Markets & Finance

TV Troubles for Circuit City


Shares of the electronics retailer fell Monday after it said results will be hurt by lower sales of flat-panel screens

Circuit City Stores (ticker symbol="CC" primary="true" />) shares fell on May 1, after the consumer electronics giant warned of losses ahead and changed its take on earnings. The Richmond, Va.-based company has announced lay-offs recently as it continues struggling against cut-throat competition.

Expressing disappointment in April sales related to its flat panel television business, Circuit City now expects to have a loss from continuing operations before income taxes of $80 million to $90 million during the first quarter of fiscal 2008.

Circuit City also withdrew its previously issued guidance for the first half of the year. The company had anticipated a pretax loss of $40 million to $50 million in the first half of fiscal 2008, according to the Associated Press.

"Although the first half of the fiscal year will be volatile due to the change in the television business, we believe that our transformation efforts will yield positive results for the full fiscal year," said CEO Philip J. Schoonover in a press release Apr. 30.

After the news investors sold Circuit City shares more than 5% to a $16.52 per share closing price in NYSE trading on May 1. The stock hit a 52-week low of $15.31 earlier in the session. Trading volume was more than four times the three-month daily average, according to Yahoo Finance.

Circuit City had said Mar. 28 that it's planning to lay off around 3,400 store employees - but only to hire again at lower wages. The consumer electronics retailer will also outsource its information technology department and possibly sell its Canadian unit InterTAN, in an effort to manage costs and survive better in its battles against rivals.

"We believe the weakness in TV sales at CC has been exacerbated by its recent decision to lay off 3,400 store workers, and we expect Best Buy (BBY) to continue to post fairly strong results in this important category," Standard & Poor's equity analyst Michael Souers said in a research note. (S&P, like BusinessWeek.com, is owned by The McGraw-Hill Companies.) Souers cut his earnings per share estimates for the fiscal year ended Feb. 2008 and 2009 to 60 cents and 94 cents, from 83 cents and $1.03, respectively. He also moved his target price down by $2 to $20 per share.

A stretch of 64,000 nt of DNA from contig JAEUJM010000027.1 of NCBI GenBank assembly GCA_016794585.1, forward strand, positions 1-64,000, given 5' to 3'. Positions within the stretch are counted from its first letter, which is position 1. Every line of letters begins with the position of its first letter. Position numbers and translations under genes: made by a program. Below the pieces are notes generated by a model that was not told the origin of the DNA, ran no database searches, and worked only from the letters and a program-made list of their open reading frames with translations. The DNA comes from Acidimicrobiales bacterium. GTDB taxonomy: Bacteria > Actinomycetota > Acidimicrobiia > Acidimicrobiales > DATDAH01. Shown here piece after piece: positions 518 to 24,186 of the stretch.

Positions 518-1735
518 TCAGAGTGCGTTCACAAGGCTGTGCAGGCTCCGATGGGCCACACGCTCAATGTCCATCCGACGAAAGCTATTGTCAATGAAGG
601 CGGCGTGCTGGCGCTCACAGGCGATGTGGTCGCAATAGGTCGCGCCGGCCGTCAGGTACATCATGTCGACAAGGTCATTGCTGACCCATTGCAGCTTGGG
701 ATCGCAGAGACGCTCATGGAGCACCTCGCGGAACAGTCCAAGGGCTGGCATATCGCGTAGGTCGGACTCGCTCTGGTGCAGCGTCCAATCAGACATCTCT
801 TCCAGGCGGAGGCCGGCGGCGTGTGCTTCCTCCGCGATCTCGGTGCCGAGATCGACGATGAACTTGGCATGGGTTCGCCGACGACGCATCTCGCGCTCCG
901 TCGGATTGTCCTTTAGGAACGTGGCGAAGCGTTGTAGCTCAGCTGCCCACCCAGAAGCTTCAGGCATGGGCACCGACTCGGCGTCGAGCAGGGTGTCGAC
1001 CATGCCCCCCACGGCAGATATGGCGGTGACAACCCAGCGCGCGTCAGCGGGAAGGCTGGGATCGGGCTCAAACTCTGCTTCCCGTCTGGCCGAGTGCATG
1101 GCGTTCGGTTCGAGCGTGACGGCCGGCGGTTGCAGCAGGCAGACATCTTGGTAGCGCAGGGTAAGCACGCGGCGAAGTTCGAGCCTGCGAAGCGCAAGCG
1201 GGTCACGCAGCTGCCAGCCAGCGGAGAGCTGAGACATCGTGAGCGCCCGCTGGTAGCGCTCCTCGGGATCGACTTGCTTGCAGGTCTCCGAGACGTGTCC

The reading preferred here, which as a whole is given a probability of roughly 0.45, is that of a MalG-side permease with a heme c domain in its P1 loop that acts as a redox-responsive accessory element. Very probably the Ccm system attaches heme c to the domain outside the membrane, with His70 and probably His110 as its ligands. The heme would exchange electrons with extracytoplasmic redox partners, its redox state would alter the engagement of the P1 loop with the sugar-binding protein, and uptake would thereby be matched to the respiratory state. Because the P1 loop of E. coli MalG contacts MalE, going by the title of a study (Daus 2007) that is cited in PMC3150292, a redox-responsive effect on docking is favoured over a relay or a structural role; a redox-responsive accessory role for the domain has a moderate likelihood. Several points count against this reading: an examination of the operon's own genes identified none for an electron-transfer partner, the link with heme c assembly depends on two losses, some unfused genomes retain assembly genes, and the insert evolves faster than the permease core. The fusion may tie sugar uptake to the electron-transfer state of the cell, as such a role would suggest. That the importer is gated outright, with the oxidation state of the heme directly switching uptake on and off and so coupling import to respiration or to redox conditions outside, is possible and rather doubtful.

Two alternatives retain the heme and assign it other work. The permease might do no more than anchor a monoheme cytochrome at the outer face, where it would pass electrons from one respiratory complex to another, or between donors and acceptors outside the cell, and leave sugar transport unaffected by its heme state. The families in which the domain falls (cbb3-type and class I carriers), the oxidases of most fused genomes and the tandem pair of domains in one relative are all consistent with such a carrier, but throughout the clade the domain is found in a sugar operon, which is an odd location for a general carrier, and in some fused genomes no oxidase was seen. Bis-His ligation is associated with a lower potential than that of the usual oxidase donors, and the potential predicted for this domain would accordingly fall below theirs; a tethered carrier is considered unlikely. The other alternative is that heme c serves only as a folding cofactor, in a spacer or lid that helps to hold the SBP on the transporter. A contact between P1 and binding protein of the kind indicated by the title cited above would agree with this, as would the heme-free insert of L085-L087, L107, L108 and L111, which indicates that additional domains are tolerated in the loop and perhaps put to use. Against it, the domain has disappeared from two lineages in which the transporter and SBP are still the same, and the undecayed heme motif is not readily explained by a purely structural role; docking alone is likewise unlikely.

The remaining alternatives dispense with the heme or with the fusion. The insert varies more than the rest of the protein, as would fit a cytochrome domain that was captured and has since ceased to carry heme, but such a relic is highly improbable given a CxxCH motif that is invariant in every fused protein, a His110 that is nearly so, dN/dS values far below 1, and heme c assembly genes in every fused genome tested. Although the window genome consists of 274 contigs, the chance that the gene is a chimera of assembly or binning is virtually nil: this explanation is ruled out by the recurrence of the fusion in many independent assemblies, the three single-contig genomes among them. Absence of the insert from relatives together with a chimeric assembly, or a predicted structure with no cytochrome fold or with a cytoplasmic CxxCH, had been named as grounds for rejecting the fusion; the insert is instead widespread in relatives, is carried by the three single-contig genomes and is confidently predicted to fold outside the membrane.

To reflect vendor allowances, Circuit City revised its financial results for the fiscal year 2007 to an $8.3 million loss from the originally reported $11.8 million loss. Meanwhile Circuit City also changed its third and fourth quarter results, effectively moving $4.5 million of revenue related to Web-originated sales that had been recognized in the third quarter into the fourth. Now, during the third quarter ended Nov. 30 the company says it lost $20.4 million and during the fourth quarter ended Feb. 28 Circuit City lost $4.3 million.

CEO Schoonover has had it rough during recent months. Consumer electronics retailers have been frantically trying to beat each other to customers by slashing their prices on things like flat panel TVs, effectively crimping the entire industry's ability to make money. At the same time, Schoonover has been spending on putting new services into place that rivals like Best Buy already have; for example, Circuit City worked on a plan with the computer giant IBM last year that was intended to update the retailer's technology for things tracking and managing sales, inventory and customer information.

Now it looks like things could end up even tougher to predict than Schoonover thought.


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